Twitter’s 140-character microblogging platform was revolutionary when Jack Dorsey and friends introduced it in 2006. But microblogging was already very popular in the 19th century,said Lee Humphreys, assistant professor of communication, at Cornell University.
She detailed the relationship between historical and contemporary media in lecture on campus.”To submit a message on Twitter, it has to be under 140 characters,” Humphreys said. “These are not paragraphs; these are barely even sentences … I was really interested in who does this and why do they do it, as well as what it means to be communicating in this way.”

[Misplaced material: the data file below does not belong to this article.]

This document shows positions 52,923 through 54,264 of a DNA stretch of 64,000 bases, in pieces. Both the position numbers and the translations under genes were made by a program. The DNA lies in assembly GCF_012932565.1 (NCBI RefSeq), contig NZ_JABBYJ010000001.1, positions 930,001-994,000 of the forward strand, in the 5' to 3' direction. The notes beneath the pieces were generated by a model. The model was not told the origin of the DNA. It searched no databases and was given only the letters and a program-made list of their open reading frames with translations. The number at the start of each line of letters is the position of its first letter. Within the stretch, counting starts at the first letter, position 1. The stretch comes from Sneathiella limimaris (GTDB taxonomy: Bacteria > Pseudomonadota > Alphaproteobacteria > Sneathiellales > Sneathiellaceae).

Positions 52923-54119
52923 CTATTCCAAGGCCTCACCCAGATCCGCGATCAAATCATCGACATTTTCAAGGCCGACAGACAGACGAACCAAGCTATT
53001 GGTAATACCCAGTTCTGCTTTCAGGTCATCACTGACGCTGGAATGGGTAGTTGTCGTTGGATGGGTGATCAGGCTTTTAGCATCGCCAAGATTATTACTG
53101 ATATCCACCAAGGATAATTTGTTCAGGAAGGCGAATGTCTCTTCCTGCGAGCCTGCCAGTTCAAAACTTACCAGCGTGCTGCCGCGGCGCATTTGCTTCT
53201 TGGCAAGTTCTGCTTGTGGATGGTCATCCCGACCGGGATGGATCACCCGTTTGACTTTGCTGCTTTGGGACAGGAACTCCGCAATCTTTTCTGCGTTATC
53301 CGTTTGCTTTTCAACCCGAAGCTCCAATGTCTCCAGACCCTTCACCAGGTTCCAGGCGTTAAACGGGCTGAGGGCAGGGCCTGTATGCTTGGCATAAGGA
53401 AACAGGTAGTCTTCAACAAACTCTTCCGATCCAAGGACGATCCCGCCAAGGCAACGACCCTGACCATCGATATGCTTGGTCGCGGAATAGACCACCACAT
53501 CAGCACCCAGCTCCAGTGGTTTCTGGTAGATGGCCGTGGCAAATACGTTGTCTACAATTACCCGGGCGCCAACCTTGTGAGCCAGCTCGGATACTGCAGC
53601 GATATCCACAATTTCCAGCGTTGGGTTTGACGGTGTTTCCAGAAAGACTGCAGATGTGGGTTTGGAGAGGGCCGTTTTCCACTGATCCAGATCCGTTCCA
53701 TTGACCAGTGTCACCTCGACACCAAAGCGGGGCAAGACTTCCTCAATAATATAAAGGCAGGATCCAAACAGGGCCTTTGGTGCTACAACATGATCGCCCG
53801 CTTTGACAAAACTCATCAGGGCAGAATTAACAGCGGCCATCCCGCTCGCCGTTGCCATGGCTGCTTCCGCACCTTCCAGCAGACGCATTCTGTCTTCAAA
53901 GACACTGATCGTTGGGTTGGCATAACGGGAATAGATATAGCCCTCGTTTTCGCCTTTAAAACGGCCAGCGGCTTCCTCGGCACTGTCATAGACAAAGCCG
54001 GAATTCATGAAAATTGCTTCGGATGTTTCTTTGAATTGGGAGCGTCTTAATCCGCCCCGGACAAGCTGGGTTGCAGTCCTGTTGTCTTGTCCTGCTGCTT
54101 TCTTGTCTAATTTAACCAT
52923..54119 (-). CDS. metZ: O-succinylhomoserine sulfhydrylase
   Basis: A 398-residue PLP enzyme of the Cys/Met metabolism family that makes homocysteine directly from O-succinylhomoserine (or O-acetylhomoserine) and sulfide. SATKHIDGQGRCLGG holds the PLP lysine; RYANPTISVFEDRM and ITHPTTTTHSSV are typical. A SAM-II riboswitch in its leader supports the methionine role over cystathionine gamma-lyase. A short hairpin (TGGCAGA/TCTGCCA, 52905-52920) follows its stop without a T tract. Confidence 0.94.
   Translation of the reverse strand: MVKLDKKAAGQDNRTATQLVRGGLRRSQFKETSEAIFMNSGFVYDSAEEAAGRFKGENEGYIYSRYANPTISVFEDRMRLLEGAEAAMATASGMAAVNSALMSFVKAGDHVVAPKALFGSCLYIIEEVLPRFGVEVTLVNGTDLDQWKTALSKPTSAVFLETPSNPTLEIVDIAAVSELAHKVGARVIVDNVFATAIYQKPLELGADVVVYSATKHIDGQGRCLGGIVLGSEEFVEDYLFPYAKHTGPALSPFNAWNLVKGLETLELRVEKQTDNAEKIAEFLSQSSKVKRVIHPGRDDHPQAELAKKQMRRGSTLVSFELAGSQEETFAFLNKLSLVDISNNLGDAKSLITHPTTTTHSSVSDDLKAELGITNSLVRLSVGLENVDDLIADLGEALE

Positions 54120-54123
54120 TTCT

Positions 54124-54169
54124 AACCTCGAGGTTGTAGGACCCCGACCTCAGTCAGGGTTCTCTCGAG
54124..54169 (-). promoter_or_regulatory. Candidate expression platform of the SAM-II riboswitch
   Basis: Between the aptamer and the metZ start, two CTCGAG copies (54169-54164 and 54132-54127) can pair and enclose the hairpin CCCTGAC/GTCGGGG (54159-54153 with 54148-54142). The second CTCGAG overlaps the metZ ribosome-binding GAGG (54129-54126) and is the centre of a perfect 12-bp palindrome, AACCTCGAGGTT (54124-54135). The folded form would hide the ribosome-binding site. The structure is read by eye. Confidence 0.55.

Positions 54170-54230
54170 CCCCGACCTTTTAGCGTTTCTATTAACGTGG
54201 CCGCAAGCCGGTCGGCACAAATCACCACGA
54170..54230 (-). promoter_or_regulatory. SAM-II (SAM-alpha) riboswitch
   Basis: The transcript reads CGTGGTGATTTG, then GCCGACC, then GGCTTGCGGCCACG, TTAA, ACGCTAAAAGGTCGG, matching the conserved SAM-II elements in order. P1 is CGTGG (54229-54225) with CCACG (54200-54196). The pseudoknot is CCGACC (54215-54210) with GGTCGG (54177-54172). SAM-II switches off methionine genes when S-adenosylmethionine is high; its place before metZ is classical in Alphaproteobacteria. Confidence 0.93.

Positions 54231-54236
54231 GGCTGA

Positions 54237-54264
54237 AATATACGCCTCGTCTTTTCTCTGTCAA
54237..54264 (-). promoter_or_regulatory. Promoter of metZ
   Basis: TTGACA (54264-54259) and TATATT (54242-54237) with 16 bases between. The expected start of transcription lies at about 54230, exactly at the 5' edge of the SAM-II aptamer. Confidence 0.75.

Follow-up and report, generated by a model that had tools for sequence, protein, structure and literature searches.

Humphreys has explored blogging as a means of expressing one’s self, and eventually found herself studying traditional diaries, which had a similar purpose. Diaries, particularly prior to the 19th century, she discovered, were social: People shared their diaries to document family and community events.
“There are clear analogue examples that helped me to understand why someone would opt into 140 characters … Twitter users took that invitation to limit their text [opposed to other social media outlets], and found it, in fact, very liberating,” Humphreys explained.
Humphreys spoke as part of the School of Continuing Education and Summer Sessions lecture series.